Unexpected VCS C++ pro behavior

While we’ve fixed the behavior, I don’t understand why the behavior works this way:

The original:
motor.spin(vex::directionType::fwd, targety/3+(targetx-158)/3, vex::velocityUnits pct);

The fix:
motor.spin(vex::directionType::fwd, ((targety+(targetx-158))/3), vex::velocityUnits pct);

As far as I’m aware, both of them should behave exactly the same way, at least given no issues with really small numbers and types like int (eg. if targety and targetx are both int’s and targety is 2 while target x is 159, then the rounding gives different results). But in actuality, the targety/3 part seemed to be ignored in the original, while it was not ignored when grouping it with the targetx part via parentheses. Is there something I don’t know about commas and equations in C++?


If targety and targetx are int then there are no decimals and 2 / 3 = 0 . If targety = 2 and targetx = 159 then…

targety / 3 + (targetx - 158) / 3
2 / 3 + (159 - 158) / 3
0 + (1) / 3
0 + 0


((targety + (targetx - 158)) / 3)
((2 + (159 - 158)) / 3)
((2 + 1) / 3)
(3 / 3)

You would need to use decimals so float or double. Either declare targety and targetx as float or double or do targety / 3.0 + (targetx - 158) / 3.0 .

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Yes, that’s what I said in my original post. Small numbers like 2 and 159-158 will give odd results like that, but that’s not the issue. Things like targety being 70 result in 0 rotational speed in the first but not the second.

Nevermind I misread the op

I did a quick test using larger numbers, I don’t see a problem (beyond the obvious rounding issue). Can you give more context for the code ?

Unlike the RobotC’s Virtual Machine environment for Cortex, V5 runs the native code, which makes it vulnerable to all the issues common to unmanaged programming environments in the real world.

Where is “targety” variable declared? Could it be that its memory gets overwritten by something else?

I am not saying that it is a likely cause, but over the many years of programming, I’ve seen a couple of very bizarre cases where changing expression on line 100 in the code would affect results assigned in the line 95 even before the execution would get to the line 100!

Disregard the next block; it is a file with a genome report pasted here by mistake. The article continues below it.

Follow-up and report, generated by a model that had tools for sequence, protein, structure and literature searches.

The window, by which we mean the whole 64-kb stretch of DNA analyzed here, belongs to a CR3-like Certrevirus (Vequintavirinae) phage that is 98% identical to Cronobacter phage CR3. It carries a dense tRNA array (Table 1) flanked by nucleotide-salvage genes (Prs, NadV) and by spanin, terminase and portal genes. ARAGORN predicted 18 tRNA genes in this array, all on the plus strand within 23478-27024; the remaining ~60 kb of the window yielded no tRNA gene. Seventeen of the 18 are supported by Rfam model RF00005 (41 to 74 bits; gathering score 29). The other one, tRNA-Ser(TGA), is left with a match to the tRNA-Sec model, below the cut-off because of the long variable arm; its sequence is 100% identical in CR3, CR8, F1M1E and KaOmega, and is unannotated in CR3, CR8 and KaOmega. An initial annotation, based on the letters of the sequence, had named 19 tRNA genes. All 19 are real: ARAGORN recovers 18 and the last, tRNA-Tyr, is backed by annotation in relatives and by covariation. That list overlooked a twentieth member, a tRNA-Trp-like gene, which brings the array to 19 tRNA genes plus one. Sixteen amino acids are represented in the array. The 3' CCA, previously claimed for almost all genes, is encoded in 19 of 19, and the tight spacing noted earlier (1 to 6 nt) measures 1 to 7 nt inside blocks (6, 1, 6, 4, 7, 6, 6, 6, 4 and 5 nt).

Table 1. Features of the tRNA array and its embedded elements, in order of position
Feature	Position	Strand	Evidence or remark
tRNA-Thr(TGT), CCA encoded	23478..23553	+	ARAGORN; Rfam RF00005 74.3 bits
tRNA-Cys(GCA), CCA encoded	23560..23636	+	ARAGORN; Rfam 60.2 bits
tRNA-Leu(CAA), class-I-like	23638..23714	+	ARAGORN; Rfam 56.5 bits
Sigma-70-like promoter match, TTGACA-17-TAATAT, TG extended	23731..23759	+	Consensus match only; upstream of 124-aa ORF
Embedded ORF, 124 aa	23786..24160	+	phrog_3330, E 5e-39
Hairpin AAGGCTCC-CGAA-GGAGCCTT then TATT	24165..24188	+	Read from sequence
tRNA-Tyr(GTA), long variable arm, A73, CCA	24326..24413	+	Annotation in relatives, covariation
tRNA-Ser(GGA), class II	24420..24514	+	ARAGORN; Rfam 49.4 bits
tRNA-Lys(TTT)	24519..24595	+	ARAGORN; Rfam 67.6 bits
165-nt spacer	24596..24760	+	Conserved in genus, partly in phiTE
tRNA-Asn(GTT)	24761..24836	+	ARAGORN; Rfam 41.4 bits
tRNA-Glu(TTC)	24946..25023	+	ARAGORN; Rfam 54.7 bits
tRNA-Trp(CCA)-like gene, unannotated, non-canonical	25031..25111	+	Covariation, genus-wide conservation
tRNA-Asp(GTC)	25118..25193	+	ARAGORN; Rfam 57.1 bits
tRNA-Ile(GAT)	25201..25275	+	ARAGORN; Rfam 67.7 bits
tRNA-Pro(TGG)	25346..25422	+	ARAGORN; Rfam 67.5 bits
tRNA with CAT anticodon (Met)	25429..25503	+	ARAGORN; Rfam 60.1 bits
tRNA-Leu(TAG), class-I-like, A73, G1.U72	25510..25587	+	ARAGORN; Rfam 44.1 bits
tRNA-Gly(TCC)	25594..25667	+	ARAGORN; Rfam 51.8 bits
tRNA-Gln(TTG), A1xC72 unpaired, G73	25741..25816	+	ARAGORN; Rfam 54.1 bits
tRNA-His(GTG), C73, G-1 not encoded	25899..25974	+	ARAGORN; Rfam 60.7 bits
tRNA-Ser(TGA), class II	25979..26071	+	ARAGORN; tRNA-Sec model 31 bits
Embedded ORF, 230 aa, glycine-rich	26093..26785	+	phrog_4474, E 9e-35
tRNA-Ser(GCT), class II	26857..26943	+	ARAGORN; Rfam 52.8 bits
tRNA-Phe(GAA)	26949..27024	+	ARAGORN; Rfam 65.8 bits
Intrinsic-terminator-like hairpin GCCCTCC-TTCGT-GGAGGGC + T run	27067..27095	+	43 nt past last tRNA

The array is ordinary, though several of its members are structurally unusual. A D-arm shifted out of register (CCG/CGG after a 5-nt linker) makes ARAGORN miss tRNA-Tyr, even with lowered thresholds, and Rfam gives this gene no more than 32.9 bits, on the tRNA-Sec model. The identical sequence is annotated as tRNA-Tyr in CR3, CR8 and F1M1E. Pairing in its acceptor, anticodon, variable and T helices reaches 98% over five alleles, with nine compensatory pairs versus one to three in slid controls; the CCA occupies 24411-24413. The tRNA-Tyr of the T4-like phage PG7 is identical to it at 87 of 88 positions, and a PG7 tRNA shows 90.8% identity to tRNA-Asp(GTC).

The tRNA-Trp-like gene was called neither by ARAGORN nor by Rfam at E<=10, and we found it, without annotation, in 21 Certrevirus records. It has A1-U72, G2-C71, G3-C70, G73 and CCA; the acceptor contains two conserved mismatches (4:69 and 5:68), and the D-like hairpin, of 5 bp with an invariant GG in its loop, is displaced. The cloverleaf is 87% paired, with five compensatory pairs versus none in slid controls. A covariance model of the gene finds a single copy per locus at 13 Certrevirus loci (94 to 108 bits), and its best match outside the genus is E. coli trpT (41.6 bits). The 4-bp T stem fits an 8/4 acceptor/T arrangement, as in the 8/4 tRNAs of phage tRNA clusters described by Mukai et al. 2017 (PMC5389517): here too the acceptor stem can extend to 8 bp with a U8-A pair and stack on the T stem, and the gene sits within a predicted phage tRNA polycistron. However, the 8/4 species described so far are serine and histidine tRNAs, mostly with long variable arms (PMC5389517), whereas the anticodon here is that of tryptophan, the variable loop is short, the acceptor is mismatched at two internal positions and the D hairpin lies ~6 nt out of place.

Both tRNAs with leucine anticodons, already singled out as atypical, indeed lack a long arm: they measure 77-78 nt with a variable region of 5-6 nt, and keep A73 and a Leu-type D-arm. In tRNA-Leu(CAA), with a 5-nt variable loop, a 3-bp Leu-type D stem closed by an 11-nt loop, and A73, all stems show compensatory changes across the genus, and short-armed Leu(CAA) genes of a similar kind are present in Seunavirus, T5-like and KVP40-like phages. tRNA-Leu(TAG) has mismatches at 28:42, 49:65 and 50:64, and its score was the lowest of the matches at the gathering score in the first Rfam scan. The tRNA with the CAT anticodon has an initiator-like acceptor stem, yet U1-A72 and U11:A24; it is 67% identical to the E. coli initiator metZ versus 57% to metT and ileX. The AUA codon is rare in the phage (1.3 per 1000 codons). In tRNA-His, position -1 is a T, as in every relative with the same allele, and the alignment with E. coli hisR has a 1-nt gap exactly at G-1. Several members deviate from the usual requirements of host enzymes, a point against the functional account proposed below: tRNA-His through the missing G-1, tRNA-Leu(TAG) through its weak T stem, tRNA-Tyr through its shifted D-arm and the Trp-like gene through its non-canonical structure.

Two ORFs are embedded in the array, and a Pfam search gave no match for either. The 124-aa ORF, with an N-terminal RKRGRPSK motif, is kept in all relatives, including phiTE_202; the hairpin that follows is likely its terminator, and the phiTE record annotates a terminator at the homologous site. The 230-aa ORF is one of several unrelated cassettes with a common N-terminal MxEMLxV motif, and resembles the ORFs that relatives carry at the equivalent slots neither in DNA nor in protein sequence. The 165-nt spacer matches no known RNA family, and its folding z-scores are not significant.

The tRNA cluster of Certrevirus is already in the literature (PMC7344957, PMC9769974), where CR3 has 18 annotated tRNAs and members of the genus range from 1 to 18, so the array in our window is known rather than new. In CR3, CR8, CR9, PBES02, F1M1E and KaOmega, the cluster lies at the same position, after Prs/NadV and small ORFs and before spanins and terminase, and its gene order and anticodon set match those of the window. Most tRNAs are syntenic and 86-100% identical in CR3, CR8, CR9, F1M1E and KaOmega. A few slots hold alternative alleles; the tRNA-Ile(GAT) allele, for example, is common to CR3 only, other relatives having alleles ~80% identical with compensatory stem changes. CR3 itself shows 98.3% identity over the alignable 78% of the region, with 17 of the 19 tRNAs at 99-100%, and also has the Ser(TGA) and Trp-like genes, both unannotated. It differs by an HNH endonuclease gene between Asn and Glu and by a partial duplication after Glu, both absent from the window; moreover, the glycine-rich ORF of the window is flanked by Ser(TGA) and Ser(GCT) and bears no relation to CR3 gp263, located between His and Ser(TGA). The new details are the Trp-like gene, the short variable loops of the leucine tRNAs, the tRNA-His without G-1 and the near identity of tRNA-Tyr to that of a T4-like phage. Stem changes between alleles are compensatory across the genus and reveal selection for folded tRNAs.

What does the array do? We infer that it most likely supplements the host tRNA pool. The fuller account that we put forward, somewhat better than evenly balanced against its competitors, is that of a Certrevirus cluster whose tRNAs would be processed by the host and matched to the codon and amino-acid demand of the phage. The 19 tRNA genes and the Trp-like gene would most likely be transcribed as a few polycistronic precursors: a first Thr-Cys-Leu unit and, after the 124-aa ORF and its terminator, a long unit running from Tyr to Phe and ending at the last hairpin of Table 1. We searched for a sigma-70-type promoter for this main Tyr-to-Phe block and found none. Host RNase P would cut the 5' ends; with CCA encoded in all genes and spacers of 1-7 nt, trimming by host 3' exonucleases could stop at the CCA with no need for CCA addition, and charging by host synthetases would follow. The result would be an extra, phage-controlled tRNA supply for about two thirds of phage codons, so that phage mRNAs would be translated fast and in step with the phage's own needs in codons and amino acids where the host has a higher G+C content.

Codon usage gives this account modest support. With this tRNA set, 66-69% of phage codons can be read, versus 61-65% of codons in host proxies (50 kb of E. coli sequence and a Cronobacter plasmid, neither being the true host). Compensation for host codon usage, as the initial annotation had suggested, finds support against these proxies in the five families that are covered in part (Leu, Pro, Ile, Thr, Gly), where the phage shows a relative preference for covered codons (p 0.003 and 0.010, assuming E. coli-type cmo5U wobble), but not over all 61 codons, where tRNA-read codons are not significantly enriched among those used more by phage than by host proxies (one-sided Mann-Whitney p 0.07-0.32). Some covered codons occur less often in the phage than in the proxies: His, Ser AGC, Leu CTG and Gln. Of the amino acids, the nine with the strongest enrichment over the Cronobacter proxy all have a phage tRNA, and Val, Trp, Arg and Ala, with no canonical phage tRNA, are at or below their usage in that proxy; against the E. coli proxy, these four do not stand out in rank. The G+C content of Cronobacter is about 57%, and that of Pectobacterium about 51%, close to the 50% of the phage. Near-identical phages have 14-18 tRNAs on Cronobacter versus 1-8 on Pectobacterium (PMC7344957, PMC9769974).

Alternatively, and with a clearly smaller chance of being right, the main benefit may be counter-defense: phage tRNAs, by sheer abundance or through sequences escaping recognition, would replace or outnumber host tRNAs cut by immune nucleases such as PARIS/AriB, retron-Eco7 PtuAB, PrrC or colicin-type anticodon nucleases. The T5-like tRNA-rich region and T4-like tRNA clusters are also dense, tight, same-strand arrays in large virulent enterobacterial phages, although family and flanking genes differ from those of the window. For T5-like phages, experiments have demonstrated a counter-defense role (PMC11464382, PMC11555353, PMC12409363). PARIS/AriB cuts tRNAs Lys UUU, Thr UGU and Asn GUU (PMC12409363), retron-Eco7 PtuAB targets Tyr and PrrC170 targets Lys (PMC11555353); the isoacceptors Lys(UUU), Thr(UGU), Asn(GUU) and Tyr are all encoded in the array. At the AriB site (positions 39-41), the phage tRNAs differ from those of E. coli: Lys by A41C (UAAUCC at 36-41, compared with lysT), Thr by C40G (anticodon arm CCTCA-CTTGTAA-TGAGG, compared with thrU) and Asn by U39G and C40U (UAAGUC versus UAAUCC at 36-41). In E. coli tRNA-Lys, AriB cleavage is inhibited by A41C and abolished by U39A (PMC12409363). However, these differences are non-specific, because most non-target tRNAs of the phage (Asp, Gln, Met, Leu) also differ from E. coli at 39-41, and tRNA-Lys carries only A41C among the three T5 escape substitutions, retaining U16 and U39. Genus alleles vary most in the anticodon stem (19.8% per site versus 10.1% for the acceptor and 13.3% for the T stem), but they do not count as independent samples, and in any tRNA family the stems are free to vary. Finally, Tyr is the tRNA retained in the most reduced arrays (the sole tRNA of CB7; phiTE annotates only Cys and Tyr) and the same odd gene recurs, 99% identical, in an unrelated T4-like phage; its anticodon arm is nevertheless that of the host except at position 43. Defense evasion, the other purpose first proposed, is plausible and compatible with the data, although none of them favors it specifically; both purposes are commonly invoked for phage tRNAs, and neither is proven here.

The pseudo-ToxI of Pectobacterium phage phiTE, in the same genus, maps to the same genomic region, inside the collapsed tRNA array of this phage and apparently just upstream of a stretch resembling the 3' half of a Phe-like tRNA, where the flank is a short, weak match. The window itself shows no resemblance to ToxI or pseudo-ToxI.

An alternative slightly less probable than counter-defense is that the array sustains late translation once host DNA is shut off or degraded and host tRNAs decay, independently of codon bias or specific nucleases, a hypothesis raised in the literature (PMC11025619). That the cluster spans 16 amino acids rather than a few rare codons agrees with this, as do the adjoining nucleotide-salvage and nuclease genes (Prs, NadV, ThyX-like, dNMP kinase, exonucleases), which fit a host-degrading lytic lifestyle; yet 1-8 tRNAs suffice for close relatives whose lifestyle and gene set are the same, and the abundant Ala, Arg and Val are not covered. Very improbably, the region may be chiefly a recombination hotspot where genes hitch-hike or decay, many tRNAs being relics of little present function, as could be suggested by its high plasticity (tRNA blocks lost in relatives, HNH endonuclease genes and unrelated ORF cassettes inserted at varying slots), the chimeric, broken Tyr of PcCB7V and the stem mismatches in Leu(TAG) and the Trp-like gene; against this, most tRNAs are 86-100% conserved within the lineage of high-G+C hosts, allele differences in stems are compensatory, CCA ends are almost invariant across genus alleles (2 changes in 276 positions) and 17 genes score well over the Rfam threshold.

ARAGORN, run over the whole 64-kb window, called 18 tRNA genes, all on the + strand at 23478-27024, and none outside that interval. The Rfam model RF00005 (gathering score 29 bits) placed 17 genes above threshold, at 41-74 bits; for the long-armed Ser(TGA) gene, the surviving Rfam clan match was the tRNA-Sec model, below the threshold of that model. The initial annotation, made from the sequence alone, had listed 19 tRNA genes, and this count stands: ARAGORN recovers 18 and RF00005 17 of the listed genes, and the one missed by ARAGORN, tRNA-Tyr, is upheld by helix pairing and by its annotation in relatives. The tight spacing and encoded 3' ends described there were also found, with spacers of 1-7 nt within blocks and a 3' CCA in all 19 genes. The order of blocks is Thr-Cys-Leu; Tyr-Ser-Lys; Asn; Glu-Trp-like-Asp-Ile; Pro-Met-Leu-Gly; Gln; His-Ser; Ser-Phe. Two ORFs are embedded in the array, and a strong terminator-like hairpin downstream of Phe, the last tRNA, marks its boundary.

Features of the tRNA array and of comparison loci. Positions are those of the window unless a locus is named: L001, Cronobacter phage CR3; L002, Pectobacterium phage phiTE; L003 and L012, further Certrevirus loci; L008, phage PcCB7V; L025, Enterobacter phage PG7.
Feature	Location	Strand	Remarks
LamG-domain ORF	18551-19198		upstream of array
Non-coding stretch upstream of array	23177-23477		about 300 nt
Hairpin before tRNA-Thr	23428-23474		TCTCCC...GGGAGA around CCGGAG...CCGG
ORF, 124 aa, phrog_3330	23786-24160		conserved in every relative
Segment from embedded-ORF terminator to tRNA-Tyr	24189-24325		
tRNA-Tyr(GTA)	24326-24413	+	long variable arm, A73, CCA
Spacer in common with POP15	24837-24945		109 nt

What looked like totally impossible, turned out to be the side effect of optimizer reshuffling allocation of CPU registers for temporary values combined with our own bug that would overwrite memory location on the stack (executed from line 98), which was never noticed before, because the local variable intermediate value was kept in one of the CPU registers.

Then somebody changed expression in line 100, compiler optimizer pushed the local variable out of CPU register back to the stack and all the hell broke loose.


targety stores the y value from the largest object on the vision sensor. We had it printing out on the controller while having the robot elevated to watch the wheels spin. Putting the ball in the middle (targetx-158=0) would result in no wheels turning while printing out various expected targety values on the controller. Just by adding parentheses they motor behavior matched the values printed on the controller, at least as far as we could gauge visually. It seems truly bizarre to me, but really all we switched was the grouping with parentheses and got a drastic shift in behavior out of motor.spin while getting the same values on the controller. I’m at a complete loss to explain it.

@callen, could you move the print statements to be after the motor.spin() command?

Also, could you try to change the variable type from int to double?

There got to be some rational explanation of why this is happening.

Statistically, the most likely cause in such cases is a typo that everyone is overlooking (we could double check the full code if you want).
The next likely cause would be a more complex bug in some of your code, especially if you have multiple threads or utilize callbacks.
The next in line would be a bug in VexOS or supporting libraries code that causes stray memory overwrites.
And, finally, least likely but still possible is the bug in the compiler itself.


yes, there nearly always is.
for example, we know that the sdk in VCS still has a bug when using largestObject (fixed in the SDK included with VEXcode)

Not impossible, both VCS and VEXcode are using clang, not gcc, and we know of one really frustrating bug that I’ve never found a workaround for.